Robert Scoble visited Google’s Seattle Engineering Office [MOV]. “We’re small teams, the company is run by engineers,” ex-Microsoft employee Peter Wilson (pictured) says. “We do a lot of stuff to enable small teams of engineers to launch software very, very quickly.” Google’s Steve Yegge later adds, “Google tries to be a company where you can kind of do a startup inside the company, with a similar sort of risk/ reward trade-off.”
[Thanks Pd! Video from the ScobleShow.]
The “Museum of Modern Betas” also features Google – in fact, Google recently cracked their 100 sites barrier.
Jakob Nielsen writes, “Lower literacy is the Web’s biggest accessibility problem, but nobody cares about this massive user group.”
Did Google increase its anti-porn measurements in search results? SEO Black Hat – strong language ahead – indicates that a recent Google algorithm change now almost strictly brings up non-adult sites on potentially adult, single-word search queries (even when SafeSearch is turned off, that is). For instance, searching for “porn” on non-SafeSearch Google returns funny videos about internet porn usage, articles from Washington Post and VeganPorn.com (“not an actual porn site”, as the snippet disclaims), and only about a single porn, ClipHunter.com.
Google for a long time favored non-porn sites even for potentially adult terms*, so I’m not sure there indeed was a huge shakeup lately. Does anyone know more?
*I suppose tackling the “short tail” of ambiguous terms like “cock” manages to get rid of a lot of scary mainstream coverage in the style of “my daughter was searching for images of an animal for her homework and got shocking nudity instead”... in other words, a family-friendly Google is wise to only return actual porn when they can be rather sure porn was what people were after. Certainly, in reverse, a porn hunter won’t be shocked to find harmless imagery, though I bet even Google makes very sure to never turn into constant disappointment to their porn-searching clientele either, afraid they might flee to less “safe” grounds.
The Economist interviewed Google CEO Eric Schmidt [MP3] on the world in 2007. From the interview:
Q: When most people hear the word “internet”, the first thing that pops into their head is “bubble.” But you’re saying that we’re now entering a new era – what sort of era?
A: Well, you know, the bubble – which everybody sort of enjoyed, except for the bust – is really going to end up being just a side-show in the history of the internet. The internet is a phenomenon that is as big as the development of the modern transportation system, as big as the creation of radio and television, newspapers etc. ... maybe all combined.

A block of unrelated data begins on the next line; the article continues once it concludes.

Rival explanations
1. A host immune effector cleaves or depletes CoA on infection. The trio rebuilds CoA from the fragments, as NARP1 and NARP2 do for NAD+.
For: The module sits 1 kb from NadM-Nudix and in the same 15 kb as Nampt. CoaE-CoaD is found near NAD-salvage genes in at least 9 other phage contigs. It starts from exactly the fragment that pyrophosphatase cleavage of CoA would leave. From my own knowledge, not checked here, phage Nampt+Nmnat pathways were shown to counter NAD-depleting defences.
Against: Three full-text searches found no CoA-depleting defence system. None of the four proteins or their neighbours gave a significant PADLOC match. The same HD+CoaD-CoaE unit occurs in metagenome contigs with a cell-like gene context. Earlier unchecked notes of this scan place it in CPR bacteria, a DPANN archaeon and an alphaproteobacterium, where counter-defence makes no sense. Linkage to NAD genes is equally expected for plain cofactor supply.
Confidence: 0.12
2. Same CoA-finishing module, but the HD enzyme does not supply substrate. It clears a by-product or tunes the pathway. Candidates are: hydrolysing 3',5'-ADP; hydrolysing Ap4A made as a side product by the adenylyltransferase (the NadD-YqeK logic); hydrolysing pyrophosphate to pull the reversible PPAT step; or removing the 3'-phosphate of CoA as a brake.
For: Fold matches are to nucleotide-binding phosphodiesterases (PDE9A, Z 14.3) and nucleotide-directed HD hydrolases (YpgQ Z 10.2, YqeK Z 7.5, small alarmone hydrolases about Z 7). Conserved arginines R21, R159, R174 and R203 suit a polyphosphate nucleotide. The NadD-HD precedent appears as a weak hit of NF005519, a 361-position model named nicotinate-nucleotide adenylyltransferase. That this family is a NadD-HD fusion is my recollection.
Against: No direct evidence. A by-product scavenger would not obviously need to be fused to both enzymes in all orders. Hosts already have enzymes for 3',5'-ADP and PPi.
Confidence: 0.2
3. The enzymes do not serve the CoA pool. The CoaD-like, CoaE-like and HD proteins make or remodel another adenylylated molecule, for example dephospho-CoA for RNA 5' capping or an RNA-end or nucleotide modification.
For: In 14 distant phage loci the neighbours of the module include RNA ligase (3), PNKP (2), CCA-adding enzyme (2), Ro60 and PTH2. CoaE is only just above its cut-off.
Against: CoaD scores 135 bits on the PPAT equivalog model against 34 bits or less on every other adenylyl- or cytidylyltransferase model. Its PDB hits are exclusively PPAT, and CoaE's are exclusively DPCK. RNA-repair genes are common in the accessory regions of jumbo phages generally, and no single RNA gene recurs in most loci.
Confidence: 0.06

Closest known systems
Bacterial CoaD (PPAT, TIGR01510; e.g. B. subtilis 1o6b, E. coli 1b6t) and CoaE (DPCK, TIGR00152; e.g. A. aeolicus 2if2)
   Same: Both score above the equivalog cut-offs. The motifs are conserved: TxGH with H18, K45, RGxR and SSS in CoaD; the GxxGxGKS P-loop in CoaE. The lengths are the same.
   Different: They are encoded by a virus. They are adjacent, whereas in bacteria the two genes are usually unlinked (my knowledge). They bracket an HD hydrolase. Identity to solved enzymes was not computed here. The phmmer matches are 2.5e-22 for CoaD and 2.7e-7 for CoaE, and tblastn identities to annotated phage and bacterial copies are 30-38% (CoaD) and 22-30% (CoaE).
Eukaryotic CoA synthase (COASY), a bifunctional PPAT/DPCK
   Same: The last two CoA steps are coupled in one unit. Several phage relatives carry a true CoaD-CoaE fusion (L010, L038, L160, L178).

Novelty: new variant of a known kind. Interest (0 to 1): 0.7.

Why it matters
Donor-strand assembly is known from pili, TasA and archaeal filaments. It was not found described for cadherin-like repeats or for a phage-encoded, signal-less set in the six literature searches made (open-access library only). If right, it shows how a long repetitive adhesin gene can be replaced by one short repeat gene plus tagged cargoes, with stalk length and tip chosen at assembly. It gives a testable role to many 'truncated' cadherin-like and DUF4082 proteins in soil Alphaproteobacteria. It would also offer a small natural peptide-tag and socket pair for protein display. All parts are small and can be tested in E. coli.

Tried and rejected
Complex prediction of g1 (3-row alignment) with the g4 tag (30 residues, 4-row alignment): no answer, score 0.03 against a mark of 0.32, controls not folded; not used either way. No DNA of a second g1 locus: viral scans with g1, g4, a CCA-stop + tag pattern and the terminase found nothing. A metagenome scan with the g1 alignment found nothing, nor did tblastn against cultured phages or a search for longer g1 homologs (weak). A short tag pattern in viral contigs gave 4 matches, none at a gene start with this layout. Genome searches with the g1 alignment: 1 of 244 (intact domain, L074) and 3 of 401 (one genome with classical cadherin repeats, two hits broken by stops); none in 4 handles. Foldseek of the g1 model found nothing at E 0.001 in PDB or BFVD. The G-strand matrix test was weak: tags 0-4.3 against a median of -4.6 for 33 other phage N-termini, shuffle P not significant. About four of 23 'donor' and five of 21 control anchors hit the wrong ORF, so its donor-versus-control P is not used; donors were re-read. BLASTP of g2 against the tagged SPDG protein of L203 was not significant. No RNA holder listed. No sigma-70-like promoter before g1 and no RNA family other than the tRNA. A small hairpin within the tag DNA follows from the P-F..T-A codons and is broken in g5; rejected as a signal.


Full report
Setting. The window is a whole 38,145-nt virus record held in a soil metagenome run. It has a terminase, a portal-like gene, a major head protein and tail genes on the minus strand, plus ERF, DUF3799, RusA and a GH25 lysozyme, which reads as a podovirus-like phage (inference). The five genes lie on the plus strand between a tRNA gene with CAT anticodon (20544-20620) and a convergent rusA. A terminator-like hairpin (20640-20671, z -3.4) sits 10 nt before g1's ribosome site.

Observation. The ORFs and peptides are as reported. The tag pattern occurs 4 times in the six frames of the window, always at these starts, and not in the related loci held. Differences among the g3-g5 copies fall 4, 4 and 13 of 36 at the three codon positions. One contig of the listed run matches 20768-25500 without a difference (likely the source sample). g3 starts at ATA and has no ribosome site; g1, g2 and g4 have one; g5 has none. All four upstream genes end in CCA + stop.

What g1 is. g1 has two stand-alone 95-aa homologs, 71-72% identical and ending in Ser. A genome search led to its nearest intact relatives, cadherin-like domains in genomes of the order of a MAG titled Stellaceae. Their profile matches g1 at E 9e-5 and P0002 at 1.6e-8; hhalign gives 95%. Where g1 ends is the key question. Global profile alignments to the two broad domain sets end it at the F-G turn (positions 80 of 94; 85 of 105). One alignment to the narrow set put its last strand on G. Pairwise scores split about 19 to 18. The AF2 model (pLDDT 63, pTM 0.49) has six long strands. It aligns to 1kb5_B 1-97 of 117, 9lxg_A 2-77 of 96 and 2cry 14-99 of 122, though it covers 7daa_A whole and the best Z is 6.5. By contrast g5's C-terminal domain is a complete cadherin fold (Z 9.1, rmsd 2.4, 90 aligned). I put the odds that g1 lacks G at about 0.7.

The important thing about the internet is that it goes fundamentally at the things people care most about, which is communication. And it’s clear, over the next few years, that people will have access to far more information then they can ever handle. And that is a good thing: that more information crowds out bad ideas, bad information, bad governments, bad behavior. And knowing what people are doing produces a better, more profitable, faster growing, and I think safer world.
(More information produces all that? Or the right kind of information?)
[Thanks Jairson Vitorino!]
Google, Yahoo and Ask are showing off special Thanksgiving Day logos in the US today; Thanksgiving is celebrated on the 4th Thursday in November, often with an accompanying Thanksgiving feast with a turkey. In this year and past years, Google always shows the turkey being served the food, not being the food itself.
[Thanks Brinke and others!]
Bug or feature? Searching for get fuzzy, Google was just showing me 3 indented result snippets in a row, one from comics.com and two from news.yahoo.com. Usually, Google will only indent a snippet if it belongs to the domain one snippet above (e.g. the second comics.com result, and the second yahoo.com result, but not the first yahoo.com result). I guess it’s just a harmless bug, though it’s quite rare to see bugs in Google.com SERPs, like the extra-large snippets spotted a while ago.
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